June 10, 2012 The Macroeconomics of Chinese kleptocracy
China is a kleptocracy — a country ruled by thieves
(c) When given direct evidence of fraudulent accounts in the US filed by a large company with CPC family members as beneficiaries or management a big 4 audit firm will (possibly at the risk to their global franchise) sign the accounts knowing full well that they are fraudulent. The auditors (including and arguably especially the big four) are co-opted for the benefit of Chinese kleptocrats.
This however is only the beginning of Chinese fraud. China is a mafia state – and Bo Xilai is just a recent public manifestation. If you want a good guide to the Chinese kleptocracy – including the crimes of Bo Xilai well before they made the international press look at this speech by John Garnaut to the US China Institute.
China has huge underlying economic growth from moving peasants into the modern economy
The one-child policy drives massive savings rates
Low and middle income Chinese have very limited savings options
Bank deposits and life insurance as a savings mechanism in China
In other words real returns for bank accounts are consistently negative – sometimes sharply negative. You might ask why people save with sharply negative returns. But then you are not facing starvation in your old age because of the “four grandparent policy”. Moreover because of the underlying economic growth (moving peasants into a manufacturing economy) there are increasing quantities of these savings every year. This is the critical point – the negative return to copious and increasing Chinese bank deposits drives a surprising amount of the global economy and makes sense of many things inside and outside China.
The Chinese property market as a savings mechanism
Negative returns on bank deposits and the Chinese kleptocracy
Us Westerners see the skimming arrangements. If you want to sell something to the Chinese SOE you don’t sell it to them. You sell it to an intermediate company who sell it in China. From the Western perspective you pay a few percent for access. From the Chinese perspective – this is just a gentle form of looting.
And it is not the only one. The SOEs are looted every way until Tuesday. The Business insider article on the spending at Harbin Pharmaceutical is just a start. The palace pictured in Business Insider would make Louis XIV of France (the Sun King) proud. This palace shows the scale (and maybe the lack of taste) of the Chinese kleptocracy.
A normal business – especially a State Owned dinosaur run by bureaucrats – would collapse under this scale of looting. But here is the key: the Chinese SOEs are financed at negative real rates. A business – even a badly run business – can stand a lot of looting if it is (a) large and (b) funded at negative real rates. Those negative real rates are only possibly because there are copious bank deposits available at negative real rates to State controlled banks.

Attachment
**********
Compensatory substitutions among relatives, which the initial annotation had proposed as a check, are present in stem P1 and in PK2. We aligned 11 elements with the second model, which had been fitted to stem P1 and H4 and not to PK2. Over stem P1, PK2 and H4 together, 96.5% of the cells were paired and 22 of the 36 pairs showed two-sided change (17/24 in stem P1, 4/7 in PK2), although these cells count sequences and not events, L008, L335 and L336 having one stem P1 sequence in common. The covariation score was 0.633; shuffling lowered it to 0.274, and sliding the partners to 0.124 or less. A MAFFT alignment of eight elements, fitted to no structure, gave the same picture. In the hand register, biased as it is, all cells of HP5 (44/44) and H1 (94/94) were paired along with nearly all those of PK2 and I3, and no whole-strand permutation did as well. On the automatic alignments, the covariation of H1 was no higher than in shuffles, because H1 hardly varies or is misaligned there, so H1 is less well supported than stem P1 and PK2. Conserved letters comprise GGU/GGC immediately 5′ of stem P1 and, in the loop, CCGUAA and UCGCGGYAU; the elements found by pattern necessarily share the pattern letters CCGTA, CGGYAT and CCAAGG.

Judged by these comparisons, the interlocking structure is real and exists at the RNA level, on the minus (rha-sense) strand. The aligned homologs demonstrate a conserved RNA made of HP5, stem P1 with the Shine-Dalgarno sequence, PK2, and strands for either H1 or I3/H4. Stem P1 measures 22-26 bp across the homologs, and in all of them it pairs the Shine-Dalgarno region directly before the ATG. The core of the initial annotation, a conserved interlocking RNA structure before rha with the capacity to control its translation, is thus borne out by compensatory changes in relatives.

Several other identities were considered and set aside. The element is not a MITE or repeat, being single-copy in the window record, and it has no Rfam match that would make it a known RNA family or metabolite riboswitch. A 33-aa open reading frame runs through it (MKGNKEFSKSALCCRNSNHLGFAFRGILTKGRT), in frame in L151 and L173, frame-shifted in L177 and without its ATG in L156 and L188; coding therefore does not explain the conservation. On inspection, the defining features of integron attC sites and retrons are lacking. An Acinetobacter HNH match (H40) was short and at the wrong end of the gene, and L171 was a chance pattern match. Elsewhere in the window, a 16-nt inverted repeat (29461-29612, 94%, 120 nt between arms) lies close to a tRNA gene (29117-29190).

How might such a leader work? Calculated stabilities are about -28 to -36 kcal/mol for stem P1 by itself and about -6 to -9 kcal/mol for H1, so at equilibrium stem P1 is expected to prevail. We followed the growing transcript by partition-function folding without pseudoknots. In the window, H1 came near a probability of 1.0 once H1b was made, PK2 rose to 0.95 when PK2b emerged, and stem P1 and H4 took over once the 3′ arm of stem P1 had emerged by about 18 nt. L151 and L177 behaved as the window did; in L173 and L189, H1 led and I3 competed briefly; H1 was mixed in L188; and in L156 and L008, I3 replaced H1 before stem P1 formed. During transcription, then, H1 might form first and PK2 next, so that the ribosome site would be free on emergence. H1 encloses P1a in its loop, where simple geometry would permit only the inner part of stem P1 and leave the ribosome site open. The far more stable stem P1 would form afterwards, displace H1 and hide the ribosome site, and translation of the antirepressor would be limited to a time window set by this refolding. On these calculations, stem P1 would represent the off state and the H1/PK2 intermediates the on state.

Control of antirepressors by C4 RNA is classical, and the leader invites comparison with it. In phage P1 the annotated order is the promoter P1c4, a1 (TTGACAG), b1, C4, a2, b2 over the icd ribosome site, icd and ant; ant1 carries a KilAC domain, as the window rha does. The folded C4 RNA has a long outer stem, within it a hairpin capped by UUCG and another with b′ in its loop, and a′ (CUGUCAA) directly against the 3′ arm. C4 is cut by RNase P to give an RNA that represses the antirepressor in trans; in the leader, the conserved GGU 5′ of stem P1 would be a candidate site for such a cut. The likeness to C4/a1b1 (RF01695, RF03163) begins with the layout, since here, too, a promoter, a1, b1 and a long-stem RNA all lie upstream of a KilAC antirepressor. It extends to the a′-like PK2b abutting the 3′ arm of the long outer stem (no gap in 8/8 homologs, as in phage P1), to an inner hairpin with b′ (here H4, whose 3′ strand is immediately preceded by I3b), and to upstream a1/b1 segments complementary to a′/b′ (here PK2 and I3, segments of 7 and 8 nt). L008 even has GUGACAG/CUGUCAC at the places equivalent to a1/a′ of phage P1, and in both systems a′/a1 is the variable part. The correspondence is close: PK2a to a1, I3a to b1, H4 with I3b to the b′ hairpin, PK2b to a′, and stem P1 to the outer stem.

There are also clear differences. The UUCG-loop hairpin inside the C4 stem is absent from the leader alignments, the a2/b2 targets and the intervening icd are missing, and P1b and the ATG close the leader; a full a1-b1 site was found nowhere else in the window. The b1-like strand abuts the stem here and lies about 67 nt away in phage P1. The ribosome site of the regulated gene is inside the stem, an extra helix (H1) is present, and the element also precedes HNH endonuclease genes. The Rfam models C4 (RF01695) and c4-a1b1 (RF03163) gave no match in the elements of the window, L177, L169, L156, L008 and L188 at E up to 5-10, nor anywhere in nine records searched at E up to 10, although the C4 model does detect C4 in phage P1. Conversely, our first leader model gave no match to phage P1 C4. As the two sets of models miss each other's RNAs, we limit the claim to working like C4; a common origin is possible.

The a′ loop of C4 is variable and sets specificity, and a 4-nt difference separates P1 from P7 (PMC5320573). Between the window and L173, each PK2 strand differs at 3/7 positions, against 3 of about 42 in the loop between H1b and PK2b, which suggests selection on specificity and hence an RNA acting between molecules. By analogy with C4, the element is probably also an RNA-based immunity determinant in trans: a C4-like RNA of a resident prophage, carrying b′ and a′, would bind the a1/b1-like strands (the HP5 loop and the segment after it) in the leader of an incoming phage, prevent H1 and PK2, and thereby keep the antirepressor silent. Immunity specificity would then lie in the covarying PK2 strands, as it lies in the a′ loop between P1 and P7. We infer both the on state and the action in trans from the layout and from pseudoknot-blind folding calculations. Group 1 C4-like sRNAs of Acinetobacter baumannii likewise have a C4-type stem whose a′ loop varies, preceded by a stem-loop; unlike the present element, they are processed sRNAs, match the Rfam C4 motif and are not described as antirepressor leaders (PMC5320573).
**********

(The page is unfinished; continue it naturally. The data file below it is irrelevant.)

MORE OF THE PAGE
The cost of funds in China and the willingness to hold foreign bonds
Monetary threats to the Chinese establishment
Inflation (widely discussed) is known to produce riots and demonstrations in China – and is considered by Westerners to be bad news for the Chinese establishment. And there are good reasons why the Chinese riot with inflation – the poor who save because they are going to starve – get their savings taken away from them.
But ultimately the Chinese establishment like inflation – it is what enables their thievery to be financed.
The more serious threat is deflation – or even inflation at rates of 1-3%. If inflation is too low then the SOEs – the center of the Chinese kleptocratic establishment will not generate enough real profit to sustain the level of looting. These businesses can be looted at a negative real funding rate of 5 percent. A positive real funding rate – well that is a completely different story.
The real threat to the Chinese establishment is that the inflation rate is falling – getting very near to the 1-3 percent range.
Low Chinese inflation rates will mean reasonable returns on savings for Chinese lower and middle income savers. Good news for peasants perhaps.
But that changing division of the spoils of economic progress will destroy the Chinese establishment (an establishment that relies on a peculiar and arguably unfair division of the spoils). The SOEs will not be able to pay positive real returns to support that new division of spoils. The peasants can only receive positive real returns if the SOEs can pay them – and paying them is inconsistent with looting.
If the SOEs cannot pay then the banks are in deep trouble too.
All because the inflation rate is dropping. Maybe they can stop it dropping. The Chinese establishment has a vested interest in getting the inflation rate up in China. Because if they don’t all hell will break loose.
Unless the Chinese can get the inflation rate up expect a revolution.
Chinese government debt
A financial crisis in China could be another reason for the market to change direction. Even after the recent surge in local government debt, China’s total government debt is a modest 53% of gross domestic product. Still, the central bank’s efforts to contain the explosive growth of the shadow-banking system may not work. The leap in short-term rates to 30% in June could be a warning sign (Gary Shilling: How to prepare your portfolio for the next market shock. March 11, 2014. Bloomberg news).
Problem no. 1: slowing growth. From Reuters:China Growth May Dip Below 7%: Government Adviser
Problem no. 2: falling inflation. From Zarathustra at Also Sprach Analyst:China’s inflation fell to 3.0% yoy in May 2012
Problem no. 3: liquidity. Zarathustra again:Credit Suisse: China is in a liquidity trap
Problem no. 4: money supply. And there we get to our definition of inflation: as shrinking money supply and velocity of money. Ambrose Evans-Pritchard: Global slump alert as world money contracts